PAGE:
Erica’s Wordy End of Year Reflections

by Erica Pefferman

I’ve been doing something really cool this fall. I’ve checked something big off of my bucket list! I have been teaching at Stephens College as an adjunct professor for their magazine publishing course “Stephens Life.” It’s been a lot of fun and has brought my own experience as a non-traditional student full circle. I graduated with my undergrad degree in July after an on again, off again journey of 23 years and sent two sons off to college in August. Graduation and accomplishment have been a theme for 2019 for me as I reflect back on this year. It brings to mind a commencement speech I gave at Stephens College a year and a half ago where I talked about how everyone needs six things for the next chapter of their life. As we look ahead to a new year and those pesky new year’s resolutions, I submit these six things to you as I did those students.

One: You will need a community.

You need a community of people that you like to do life with. You’ve all heard how important networking is. And it is!! But, I know that some of you may hear the word networking and think that it’s an inauthentic bid to meet someone for the sole purpose of what they can give you. But the truth is…networking is about building a community of people that are mutually interested in your success. True, authentic networking is about learning who the person you’re talking to is. What makes them tick? What are they trying to accomplish and what can you do to help them with that? That’s true networking. I’ve met my best friends by being engaged in non-profit work and the Chamber of Commerce.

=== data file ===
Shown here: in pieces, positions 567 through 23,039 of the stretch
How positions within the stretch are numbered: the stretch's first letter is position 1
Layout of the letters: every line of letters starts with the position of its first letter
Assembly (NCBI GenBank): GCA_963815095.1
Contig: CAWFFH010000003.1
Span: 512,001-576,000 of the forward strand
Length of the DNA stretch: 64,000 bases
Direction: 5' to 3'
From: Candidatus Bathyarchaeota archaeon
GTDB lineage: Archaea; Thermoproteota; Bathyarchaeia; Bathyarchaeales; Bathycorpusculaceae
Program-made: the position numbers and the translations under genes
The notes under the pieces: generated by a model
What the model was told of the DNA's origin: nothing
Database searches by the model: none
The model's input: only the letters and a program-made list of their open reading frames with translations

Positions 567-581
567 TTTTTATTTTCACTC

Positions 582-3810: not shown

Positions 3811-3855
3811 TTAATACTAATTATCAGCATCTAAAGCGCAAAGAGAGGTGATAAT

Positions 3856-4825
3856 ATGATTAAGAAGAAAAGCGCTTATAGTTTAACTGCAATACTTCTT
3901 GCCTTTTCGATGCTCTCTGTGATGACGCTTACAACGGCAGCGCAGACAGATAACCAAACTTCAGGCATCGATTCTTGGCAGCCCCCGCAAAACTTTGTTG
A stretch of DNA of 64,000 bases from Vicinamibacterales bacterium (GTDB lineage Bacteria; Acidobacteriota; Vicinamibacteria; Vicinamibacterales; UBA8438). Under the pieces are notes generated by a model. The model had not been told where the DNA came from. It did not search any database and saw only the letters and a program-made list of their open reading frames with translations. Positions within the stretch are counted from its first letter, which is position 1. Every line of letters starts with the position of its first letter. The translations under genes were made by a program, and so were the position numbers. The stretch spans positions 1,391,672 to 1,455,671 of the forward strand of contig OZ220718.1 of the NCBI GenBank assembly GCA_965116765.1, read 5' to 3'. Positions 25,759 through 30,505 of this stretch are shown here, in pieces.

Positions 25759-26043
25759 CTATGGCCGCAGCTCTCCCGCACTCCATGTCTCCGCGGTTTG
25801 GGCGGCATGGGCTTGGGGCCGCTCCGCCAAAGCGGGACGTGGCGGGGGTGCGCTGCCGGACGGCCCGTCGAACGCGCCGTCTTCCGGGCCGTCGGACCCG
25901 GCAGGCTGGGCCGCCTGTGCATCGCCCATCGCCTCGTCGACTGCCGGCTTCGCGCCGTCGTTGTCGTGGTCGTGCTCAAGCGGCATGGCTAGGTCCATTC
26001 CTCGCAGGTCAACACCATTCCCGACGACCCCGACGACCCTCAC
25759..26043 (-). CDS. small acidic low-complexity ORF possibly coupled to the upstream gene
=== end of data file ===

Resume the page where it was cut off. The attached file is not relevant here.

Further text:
Two: You will need wine.

You’ll need a great glass of wine to celebrate with…to rest and to reflect. There’s something about the elegance of the glass, the feel of it in your hand, the taste of it on your tongue. For me, a glass of great cabernet is the pause button for me. Pause to think. Pause to relish. Pause to appreciate. If you don’t drink…what else is that in your life? Find something that feels indulgent to you and participate. A great cup of coffee. That piece of rich, dark chocolate. What makes you feel good? What is a signal to you and to your brain to take a break.

Three: You will need a break.